The leaders of the city's Catholic, Jewish and Muslim faiths have a plan to turn Baltimore's summer into the "summer of peace."
But they complained Wednesday that the mayor is making their efforts difficult because of plans to close recreation centers and pools and curtail library hours.
Archbishop Edwin F. O'Brien mentioned the issue in passing in his remarks after meeting with city officials on preventing youth crime, but when questioned he openly leaped into the political fray and called for the city's chief executive to reverse course.
Cutting money to youth programs, said the leader of a half-million worshipers of the Roman Catholic Archdiocese of Baltimore, "will make it very difficult for us to follow through" on initiatives to save lives and save children. His auxiliary, Bishop Denis J. Madden, said, "It doesn't take a rocket scientist to understand that rec centers and pools are going to give kids something to do."
And Bishop Douglas I. Miles, co-chairman of the advocacy group Baltimoreans United in Leadership Development and past leader of a coalition of African-American churches in Baltimore, questioned whether the closings are driven by budget cuts. "This is not a matter of the wallet, it is a matter of will," he said during the meeting at St. Mary's Seminary & University in Roland Park.
This was to be a routine announcement from O'Brien and a diverse group of faith leaders, including representatives from the Muslim and Jewish communities, who are working with the Baltimore Health Department to support Operation Safe Streets, an initiative that uses peer counselors to mediate disputes between rival gangs and has been hailed as a success in East and South Baltimore.
After meeting privately with city officials, O'Brien and the clergy emerged to announce that the group would meet regularly, would work to open school buildings in the summer as havens for youngsters, and would designate June 19, 20 and 21 (a Friday, Saturday and Sunday) as a time in which people participating in religious services will be asked to donate "a dollar for peace" to help fund Safe Streets.
"We have all presided over too many funerals," O'Brien said. "We want to change the entire culture of this city, from one that tolerates violence to one that will not stand for it."
Closing rec centers and folding Police Athletic League Centers into the recreation program has been a contentious issue leading up to a vote on the budget sometime before the end of June.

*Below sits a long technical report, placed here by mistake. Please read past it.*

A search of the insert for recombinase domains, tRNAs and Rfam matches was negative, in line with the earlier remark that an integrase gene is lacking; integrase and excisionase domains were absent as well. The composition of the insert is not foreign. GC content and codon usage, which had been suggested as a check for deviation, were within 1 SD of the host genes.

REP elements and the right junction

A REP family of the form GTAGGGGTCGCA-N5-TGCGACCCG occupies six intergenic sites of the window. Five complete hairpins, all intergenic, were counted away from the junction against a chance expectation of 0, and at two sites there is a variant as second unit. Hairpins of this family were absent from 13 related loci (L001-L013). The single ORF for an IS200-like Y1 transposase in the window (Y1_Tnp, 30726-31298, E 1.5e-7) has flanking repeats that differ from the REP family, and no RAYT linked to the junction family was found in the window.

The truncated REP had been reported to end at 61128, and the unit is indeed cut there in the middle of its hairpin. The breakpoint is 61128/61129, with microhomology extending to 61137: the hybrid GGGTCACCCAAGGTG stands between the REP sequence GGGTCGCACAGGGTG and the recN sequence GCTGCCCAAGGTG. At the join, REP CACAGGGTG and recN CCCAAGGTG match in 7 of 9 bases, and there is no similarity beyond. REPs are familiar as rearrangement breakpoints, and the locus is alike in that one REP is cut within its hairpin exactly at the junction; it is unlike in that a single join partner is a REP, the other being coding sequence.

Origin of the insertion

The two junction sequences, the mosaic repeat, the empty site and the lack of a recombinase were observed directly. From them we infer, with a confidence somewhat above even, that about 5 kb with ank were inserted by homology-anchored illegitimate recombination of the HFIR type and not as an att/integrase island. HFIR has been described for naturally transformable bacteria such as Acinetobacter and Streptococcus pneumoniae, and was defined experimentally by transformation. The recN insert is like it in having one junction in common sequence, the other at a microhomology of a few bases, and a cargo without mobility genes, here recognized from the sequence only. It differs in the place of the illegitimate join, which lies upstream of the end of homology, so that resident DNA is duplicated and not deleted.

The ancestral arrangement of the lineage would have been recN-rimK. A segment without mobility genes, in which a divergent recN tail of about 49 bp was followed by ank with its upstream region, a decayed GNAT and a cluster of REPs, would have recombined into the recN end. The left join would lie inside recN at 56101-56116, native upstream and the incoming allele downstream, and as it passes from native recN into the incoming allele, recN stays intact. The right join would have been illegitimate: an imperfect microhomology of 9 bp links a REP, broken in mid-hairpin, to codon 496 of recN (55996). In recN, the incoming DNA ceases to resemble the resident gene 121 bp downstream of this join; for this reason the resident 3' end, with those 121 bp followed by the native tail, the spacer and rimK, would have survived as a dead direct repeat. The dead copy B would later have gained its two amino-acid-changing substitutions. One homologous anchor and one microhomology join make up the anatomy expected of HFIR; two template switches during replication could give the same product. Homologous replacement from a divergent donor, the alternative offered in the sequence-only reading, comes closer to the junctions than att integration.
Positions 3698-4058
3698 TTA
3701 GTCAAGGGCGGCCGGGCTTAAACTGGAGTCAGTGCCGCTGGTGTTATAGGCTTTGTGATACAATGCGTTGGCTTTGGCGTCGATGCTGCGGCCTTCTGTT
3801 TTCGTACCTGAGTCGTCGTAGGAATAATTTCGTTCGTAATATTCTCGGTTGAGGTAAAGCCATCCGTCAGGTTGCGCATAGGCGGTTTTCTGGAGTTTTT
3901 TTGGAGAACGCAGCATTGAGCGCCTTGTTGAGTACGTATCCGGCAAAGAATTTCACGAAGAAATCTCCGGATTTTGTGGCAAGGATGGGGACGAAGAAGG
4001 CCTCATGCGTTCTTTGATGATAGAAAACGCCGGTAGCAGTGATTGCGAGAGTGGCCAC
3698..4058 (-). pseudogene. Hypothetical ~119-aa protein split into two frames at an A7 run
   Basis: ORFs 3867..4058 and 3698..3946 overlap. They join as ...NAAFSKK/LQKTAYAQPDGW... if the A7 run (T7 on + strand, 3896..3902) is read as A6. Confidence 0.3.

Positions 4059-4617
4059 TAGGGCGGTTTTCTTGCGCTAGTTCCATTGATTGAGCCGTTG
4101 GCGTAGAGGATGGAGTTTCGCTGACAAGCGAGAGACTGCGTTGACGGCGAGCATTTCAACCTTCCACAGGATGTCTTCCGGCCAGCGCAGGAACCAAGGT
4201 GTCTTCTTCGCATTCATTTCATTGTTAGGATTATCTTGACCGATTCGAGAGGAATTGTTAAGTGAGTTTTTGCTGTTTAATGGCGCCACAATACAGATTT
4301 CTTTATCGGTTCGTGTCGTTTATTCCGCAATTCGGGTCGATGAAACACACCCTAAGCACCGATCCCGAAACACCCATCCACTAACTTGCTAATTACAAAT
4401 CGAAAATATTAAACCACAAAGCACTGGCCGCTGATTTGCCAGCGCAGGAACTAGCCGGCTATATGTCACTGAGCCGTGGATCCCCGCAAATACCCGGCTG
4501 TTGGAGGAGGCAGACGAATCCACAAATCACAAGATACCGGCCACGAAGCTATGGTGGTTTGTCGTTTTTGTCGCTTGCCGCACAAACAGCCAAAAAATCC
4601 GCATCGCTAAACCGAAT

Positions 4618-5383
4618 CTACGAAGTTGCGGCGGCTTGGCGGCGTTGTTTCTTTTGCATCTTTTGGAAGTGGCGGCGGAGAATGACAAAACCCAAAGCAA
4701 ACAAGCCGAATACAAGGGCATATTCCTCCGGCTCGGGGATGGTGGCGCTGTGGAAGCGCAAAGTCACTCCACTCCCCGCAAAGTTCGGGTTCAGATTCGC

Miles said the religious leaders asked city officials, including an assistant deputy mayor, a faith representative and a police commander, to step out of the private meeting while they discussed "an issue they obviously disagreed with us on." He said when participants emerged, the city officials were gone and had fled the news conference, which Scott Peterson, a spokesman for the mayor denied.
Either way, the sharp words and willingness by leading clergy to openly criticize a political stand by the mayor demonstrates some discord on the best way to prevent violence. The city recently discovered $40 million but that money has to be used for bond reduction. Another surplus $13 million could be used to offset a $65 million budget shortfall, but some of that money might be given to the Police Department to cover overtime.
Peterson applauded the efforts by the faith leaders but took exception to the idea that budget cuts will imperil lives. "No one wants to shut down a rec center or anything for a kid," he said, though he added that "we're racing a global economic meltdown" and later said the city is facing an "economic catastrophe."
Of the religious groups, Peterson said, "Don't they all have programs for kids? There are still lots of opportunity for kids in this city." He added, "We all want the most peaceful summer ever, but at the same time we have to face fiscal reality."
Neither the religious leaders nor the mayor want more violence and, yes, everyone wants everything and somebody has to choose. And it's not as simple as choosing a rec center, a book or a pool over gunfire. But it does send a message in how the city invests in its future.